And it’s not going to get misused by children, either, due to its push and twist safety cap. Beneath which, I’d like to point out, the nozzle is even finer and more accurate with its drop placement:
Matt’s bottle design has easily surpassed the original but it still holds onto one of Akabanga’s flaws: A “front” spread across way more than a third of it, making it impossible to see the full name at once.
I did have to take two pictures to show you the full label but you don’t need to see the full label to get all the information. Which makes for a massive improvement over the other items that have made me do that.
And that, dear readers, is all I have to say about Bang Bang Chilli Oil’s appearance. It’s plain but high impact and mostly just intended to showcase the vibrant colour of the liquid – A job which it does ever so well.
What that liquid is, though, is not just chilli infused oil. It’s:
Extra Virgin Rapeseed Oil / Ghost Pepper Infusion, Pure Pepper Extract
A product designed for heat first and foremost, using extract to enhance its ghost pepper fire. So obviously I hate the taste, right? Wrong.
Whatever extract Matt uses in his Bang Bang Chilli Oil, he hasn’t used enough for me to taste.
Between the deep red of the ghost pepper and the distinctive rapeseed flavour of the cold-pressed oil, anything unnatural is completely covered up. It doesn’t taste bad at all. In fact, it tastes pretty fantastic.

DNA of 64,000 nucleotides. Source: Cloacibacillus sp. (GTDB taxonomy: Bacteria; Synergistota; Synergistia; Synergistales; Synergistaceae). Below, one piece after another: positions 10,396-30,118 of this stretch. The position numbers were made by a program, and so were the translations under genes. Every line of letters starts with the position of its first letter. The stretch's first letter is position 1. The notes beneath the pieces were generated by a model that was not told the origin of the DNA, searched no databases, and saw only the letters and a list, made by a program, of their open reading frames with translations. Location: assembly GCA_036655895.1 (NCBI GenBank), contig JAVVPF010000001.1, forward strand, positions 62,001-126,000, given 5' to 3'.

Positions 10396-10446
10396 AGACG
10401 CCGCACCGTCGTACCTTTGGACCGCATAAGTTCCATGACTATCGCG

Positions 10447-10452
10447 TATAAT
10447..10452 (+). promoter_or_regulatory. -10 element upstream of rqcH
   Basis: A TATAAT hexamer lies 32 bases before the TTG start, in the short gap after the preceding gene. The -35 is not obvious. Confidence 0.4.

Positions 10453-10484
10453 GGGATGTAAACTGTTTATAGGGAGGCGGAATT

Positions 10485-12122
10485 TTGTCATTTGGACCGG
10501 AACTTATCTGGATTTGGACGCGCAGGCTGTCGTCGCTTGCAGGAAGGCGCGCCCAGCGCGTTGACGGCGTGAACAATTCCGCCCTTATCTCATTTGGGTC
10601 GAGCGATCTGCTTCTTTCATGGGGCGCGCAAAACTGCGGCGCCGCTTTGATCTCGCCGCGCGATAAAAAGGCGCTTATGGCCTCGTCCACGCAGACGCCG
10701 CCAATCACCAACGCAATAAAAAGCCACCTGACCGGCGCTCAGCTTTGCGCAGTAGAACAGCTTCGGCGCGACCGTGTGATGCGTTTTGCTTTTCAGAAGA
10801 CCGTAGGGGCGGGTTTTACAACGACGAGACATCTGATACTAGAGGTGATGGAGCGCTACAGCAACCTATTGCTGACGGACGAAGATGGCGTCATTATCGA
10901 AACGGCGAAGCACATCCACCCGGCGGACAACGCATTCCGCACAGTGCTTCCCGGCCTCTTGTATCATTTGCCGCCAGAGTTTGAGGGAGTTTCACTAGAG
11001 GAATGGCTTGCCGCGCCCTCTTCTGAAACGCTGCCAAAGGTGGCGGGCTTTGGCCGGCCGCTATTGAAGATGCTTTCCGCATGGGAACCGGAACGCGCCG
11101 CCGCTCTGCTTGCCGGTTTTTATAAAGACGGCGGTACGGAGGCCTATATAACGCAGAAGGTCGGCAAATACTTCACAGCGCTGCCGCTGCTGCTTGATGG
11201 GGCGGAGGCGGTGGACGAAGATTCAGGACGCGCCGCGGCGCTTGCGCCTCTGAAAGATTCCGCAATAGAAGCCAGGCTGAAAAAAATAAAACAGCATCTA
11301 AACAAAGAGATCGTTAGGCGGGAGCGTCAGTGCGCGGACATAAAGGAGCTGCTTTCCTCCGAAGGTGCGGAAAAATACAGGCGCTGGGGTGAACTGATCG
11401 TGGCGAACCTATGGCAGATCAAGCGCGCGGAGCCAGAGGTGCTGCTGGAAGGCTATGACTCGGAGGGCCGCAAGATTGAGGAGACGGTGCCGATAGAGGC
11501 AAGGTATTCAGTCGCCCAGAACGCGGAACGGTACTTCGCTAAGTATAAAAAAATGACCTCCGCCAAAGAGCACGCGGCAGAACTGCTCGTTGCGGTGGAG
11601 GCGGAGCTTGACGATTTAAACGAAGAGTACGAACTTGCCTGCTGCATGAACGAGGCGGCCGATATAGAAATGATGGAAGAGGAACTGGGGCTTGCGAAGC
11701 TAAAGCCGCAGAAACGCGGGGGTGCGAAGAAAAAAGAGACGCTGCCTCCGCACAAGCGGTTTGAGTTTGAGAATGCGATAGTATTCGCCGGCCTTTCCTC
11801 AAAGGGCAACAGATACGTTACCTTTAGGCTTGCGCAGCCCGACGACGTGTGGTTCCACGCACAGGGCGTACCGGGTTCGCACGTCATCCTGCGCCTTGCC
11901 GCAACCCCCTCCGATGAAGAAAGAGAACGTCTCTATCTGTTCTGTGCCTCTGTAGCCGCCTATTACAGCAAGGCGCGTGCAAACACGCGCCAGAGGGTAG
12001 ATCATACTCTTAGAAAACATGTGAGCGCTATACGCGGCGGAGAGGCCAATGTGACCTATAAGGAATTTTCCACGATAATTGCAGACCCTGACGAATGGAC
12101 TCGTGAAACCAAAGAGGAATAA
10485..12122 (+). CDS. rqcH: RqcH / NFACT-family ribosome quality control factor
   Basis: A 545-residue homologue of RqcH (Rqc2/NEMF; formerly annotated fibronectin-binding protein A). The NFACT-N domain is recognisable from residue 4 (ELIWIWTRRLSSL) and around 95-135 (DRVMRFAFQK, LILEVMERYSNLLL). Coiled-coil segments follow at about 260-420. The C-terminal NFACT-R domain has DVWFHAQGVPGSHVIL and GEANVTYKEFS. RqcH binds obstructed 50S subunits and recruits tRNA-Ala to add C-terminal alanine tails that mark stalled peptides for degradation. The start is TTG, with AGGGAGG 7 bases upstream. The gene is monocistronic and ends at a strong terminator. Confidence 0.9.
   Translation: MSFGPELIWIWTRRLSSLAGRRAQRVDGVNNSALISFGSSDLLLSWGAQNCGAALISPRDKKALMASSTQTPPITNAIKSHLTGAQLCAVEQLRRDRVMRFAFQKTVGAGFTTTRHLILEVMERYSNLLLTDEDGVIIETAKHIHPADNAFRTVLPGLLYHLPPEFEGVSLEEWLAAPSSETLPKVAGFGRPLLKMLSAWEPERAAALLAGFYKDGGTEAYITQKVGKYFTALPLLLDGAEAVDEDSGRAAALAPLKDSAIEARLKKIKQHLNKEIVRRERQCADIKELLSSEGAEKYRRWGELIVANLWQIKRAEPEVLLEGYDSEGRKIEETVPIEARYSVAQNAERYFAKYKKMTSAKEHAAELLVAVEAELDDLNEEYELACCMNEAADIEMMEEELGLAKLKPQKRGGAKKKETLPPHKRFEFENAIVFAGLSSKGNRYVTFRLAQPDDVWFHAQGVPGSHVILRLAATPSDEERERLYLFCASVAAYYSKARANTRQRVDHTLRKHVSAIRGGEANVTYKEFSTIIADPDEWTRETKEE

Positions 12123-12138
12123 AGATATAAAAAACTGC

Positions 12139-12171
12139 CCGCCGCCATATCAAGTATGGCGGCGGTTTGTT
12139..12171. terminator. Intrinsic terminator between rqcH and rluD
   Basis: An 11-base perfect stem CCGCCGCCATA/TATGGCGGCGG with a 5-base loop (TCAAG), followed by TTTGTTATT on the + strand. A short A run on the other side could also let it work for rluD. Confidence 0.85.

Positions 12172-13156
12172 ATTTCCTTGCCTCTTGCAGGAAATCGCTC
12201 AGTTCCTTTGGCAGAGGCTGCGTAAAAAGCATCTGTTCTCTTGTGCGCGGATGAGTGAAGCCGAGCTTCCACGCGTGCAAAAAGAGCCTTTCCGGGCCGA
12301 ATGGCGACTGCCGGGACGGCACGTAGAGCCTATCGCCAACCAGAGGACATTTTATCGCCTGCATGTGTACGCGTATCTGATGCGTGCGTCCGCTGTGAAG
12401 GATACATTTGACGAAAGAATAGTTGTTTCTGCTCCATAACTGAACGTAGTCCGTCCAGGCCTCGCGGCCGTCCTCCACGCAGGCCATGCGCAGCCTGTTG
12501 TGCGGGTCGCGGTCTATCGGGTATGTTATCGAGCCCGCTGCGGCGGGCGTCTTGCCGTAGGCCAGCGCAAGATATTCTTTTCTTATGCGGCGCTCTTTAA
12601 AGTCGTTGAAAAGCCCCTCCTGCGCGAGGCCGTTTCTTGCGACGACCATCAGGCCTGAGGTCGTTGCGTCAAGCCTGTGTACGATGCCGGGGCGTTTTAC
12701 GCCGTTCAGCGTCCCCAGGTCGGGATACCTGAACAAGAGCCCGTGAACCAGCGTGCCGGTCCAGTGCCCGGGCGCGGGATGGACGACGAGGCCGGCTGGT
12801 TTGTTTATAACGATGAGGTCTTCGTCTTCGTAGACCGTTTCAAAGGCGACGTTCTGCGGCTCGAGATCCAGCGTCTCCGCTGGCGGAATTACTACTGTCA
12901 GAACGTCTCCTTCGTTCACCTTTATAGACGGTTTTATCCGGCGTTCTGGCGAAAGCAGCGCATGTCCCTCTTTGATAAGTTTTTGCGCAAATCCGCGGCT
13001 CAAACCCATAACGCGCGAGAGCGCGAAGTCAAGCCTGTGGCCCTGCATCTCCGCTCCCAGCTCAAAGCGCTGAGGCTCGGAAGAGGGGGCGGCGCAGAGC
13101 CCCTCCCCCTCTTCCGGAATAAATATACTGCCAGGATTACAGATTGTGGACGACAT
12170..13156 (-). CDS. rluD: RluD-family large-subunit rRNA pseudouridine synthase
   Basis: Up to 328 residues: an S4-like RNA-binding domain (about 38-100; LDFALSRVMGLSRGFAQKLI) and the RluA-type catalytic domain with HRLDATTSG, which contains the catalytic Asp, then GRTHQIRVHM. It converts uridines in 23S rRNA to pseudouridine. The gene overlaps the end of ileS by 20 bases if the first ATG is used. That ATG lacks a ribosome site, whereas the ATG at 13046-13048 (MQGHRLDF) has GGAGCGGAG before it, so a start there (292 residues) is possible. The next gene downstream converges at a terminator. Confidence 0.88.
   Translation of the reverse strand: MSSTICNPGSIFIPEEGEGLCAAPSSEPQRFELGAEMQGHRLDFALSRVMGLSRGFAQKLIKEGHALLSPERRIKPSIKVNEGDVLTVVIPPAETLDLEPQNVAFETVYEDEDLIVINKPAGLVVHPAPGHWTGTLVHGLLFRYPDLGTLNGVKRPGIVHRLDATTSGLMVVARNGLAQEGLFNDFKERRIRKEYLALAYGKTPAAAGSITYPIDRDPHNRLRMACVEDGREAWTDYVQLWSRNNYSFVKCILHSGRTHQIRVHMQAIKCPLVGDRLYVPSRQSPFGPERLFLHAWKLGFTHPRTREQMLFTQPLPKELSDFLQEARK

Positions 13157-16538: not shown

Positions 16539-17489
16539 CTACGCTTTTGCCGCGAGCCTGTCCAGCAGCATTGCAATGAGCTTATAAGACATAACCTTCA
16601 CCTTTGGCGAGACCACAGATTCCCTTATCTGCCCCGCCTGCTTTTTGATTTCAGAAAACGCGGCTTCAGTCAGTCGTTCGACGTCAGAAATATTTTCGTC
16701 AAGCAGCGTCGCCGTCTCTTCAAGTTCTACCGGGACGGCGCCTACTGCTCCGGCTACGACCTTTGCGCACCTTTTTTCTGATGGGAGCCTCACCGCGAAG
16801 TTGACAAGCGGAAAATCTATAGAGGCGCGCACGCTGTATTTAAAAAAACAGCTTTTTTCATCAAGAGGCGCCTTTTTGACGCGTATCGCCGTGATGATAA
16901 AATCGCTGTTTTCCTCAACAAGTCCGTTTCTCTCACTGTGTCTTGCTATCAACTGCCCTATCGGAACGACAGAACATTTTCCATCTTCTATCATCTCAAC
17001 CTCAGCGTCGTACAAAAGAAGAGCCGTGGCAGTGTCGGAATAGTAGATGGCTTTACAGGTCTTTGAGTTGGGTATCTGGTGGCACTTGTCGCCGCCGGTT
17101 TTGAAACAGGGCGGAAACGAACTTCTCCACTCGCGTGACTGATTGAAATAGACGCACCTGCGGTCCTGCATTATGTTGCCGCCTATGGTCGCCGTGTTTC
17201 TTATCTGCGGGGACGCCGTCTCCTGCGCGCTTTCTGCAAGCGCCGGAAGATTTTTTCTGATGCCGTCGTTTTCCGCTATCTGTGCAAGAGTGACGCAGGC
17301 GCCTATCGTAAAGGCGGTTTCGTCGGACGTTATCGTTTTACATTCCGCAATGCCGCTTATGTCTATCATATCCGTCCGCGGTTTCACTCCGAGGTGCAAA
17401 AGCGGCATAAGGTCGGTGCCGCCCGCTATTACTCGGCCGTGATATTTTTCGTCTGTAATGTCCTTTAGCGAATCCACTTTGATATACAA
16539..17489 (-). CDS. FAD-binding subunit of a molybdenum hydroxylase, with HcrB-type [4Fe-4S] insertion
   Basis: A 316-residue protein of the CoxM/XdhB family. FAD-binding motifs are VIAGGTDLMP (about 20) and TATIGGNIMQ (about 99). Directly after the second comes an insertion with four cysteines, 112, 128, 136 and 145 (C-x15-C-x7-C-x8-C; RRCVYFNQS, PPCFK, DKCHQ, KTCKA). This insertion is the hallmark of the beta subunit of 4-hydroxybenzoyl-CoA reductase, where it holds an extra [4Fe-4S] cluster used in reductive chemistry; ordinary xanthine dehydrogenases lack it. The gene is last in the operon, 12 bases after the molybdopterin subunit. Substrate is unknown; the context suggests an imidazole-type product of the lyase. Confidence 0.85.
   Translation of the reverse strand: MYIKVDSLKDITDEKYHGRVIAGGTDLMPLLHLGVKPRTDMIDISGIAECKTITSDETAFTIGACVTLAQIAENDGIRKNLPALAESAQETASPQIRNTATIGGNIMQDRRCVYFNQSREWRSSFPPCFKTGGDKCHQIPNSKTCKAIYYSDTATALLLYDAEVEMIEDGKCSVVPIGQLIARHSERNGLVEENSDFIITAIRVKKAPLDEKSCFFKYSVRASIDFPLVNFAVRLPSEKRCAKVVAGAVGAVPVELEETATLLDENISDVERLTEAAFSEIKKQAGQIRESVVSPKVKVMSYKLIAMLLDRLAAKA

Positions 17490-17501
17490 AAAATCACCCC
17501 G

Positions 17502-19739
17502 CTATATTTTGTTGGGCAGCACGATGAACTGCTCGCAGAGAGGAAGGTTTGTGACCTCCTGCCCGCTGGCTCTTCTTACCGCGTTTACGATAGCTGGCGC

So much so that I’m using it on everything from enchiladas, burritos and naan wraps to curries, eggs and even popcorn. As much for that deep and delicious ghost pepper flavour as for the burn that it’s sold on.
I believe I went on record during my review of Grim Reaper Foods’ Vengeance saying that I shy away from most chilli oils because they tend not to have the level of flavour that I seek in a condiment. Well, this isn’t most oils and all it takes is a couple of drops to taste the ghost pepper in your food.
From the ingredients alone, I did not expect to enjoy today’s product anywhere near this much but it gets a solid recommendation from me. I’ll even throw it a link in my sidebar!
But who can I recommend it to? How serious is its highly acclaimed heat?
Not that crazily so, actually. I’d put it at a
When used in drop form, today’s product will only add as much fire to your food as a three point five or a four out of ten sauce, due to its size. A good, hot, habanero-type level in a long-lasting yet travel-sized container. Perfect for those whole like it hot.
Just do be aware that, being an oil, it tends to coat the mouth a little and stay in place, allowing it to linger rather more than the sauces that I compare it to.
If extra and super levels of hot (above the four mark) aren’t your sort of thing, I’d advise that you use it quite sparingly and, if you’re into more mild or medium dishes, I’d suggest you skip out on it entirely.
Even if the extract in Bang Bang Chilli Oil is more subtle than I expected, it’s still an item made by a serious chilli lover for other serious chilli lovers. Not for everyone.